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'Eddie Jones is just playing games' - Ireland aim to walk the walk in Twickenham

James Ryan captains Andy Farrell’s side on what feels like a very important occasion for this squad.

James Ryan captains Ireland at Twickenham.
James Ryan captains Ireland at Twickenham.
Image: Billy Stickland/INPHO

WHILE EDDIE JONES has thrown a few of his usual “little bombshells” their way this week, Ireland are intent on doing their talking on the pitch today at Twickenham.

Walking the walk against England certainly feels well overdue for Ireland, who have been damaged by their defeats on the last three occasions the sides have met.

With head coach Andy Farrell having picked a rather different-looking Ireland XV that is missing injured captain and out-half Johnny Sexton, this feels like a very important occasion for this squad, even if the Autumn Nations Cup itself means very little. 

Jones’ mischief mainly focused on Ireland being “the United Nations” due to five players in the starting XV having qualified on residency grounds but Ireland haven’t been sidetracked.

“He seems to like to throw a few little bombshells over the wall,” said assistant coach Richie Murphy after yesterday’s captain’s run at Twickenham, led by 24-year-old James Ryan for the first time.

“We don’t focus on any of that. We know what we need to control and what we can control. We’ll just move on with that.”

Perhaps Farrell will harness Jones’ jibe as an extra little hit of motivation for his players, not that they should need it.

Humiliation is a very strong word but there’s no doubting that England have dominated this fixture for the last two years, with Ireland’s Grand Slam-clinching win in London in 2018 seeming like a very long time ago. Pulling off a victory today would be a massive momentum boost for the Farrell era, which is still only six games old.

England are clear and deserved favourites. World Cup finalists last year, Jones’s side sealed their the Six Nations title recently and have a team bristling with physical power, experience, and tactical acumen.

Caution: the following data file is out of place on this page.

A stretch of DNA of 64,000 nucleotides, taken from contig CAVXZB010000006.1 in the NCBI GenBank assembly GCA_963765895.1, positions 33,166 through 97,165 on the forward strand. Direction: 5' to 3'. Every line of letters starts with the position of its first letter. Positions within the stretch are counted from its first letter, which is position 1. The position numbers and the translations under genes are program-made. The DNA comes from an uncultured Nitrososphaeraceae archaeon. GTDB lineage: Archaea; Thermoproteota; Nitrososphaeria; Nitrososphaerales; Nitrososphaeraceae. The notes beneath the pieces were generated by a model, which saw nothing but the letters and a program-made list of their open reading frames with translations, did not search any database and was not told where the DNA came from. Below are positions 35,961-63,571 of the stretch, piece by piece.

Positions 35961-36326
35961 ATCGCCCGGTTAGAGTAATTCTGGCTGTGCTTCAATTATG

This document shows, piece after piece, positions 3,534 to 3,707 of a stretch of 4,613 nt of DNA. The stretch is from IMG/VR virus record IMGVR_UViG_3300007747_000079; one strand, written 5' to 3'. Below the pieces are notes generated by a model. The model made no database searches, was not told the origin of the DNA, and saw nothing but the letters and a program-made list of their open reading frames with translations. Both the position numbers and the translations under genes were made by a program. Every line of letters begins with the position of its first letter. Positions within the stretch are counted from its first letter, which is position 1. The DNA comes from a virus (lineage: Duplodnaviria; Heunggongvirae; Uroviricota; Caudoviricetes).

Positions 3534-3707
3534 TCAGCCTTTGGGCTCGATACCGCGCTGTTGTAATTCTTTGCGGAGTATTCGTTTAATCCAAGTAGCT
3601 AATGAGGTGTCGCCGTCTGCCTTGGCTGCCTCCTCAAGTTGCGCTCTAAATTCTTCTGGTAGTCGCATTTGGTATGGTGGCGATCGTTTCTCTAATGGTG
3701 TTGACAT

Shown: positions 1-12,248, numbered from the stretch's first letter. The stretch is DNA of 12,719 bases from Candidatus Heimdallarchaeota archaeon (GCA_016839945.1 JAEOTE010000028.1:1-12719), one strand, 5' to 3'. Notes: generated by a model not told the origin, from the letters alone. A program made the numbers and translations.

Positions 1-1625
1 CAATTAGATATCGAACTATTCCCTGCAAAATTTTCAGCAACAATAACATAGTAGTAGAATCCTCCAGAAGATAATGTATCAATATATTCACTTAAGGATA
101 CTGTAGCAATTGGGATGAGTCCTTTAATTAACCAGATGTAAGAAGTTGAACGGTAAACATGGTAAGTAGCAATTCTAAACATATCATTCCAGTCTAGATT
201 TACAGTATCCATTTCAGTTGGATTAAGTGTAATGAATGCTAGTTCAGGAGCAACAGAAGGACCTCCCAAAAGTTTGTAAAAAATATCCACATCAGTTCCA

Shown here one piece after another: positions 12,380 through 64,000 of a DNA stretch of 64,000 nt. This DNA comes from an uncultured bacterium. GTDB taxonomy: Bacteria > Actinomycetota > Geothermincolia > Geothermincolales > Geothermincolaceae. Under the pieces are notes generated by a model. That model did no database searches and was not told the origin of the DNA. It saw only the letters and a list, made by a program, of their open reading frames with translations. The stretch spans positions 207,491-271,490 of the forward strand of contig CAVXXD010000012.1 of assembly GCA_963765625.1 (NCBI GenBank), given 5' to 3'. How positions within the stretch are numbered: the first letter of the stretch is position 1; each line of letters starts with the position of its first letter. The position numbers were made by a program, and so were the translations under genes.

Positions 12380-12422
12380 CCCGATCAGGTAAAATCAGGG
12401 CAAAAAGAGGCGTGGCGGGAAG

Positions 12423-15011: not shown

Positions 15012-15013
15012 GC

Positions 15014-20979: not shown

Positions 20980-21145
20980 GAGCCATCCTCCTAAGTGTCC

ross-byrne Ross Byrne gets his second Test start. Source: Billy Stickland/INPHO

It is likely to be a brutal affair for those at the coalface, with the scrum sure to be a key battleground. Jones looked to land an early blow in that regard by questioning the legality of Ireland tighthead Andrew Porter’s scrummaging.

“I think Eddie Jones is just playing games in that situation,” said Murphy.

“He obviously thinks Porter is a very good player, which he is. No one has ever come to us and made any comments about Ports’ scrum technique.

“So, we have no issues. We have had no feedback from World Rugby in relation to what he does. It’s just one of those games.”

Ireland will hope that Pascal Gaüzère – who awarded seven scrum penalties to Saracens against Leinster in September – doesn’t come into this one with any pre-conceived notions, with Sarries loosehead Mako Vunipola and hooker Jamie George starting against the all-Leinster front row of Cian Healy, Ronan Kelleher, and Porter.

With Joe Launchbury adding a bit more heft in the England second row, they will be aiming to do real damage at scrum time, even if Ireland will feel Connacht man Quinn Roux provides a bit of stability behind Porter.

The set-piece has gone decisively in England’s favour in these sides’ last few meetings, with Farrell retaining Peter O’Mahony in his back row to aid captain Ryan in that area.

The pair of them worked together superbly last time out against Wales, although Maro Itoje and co. will intend to slow and stop the Irish supply line.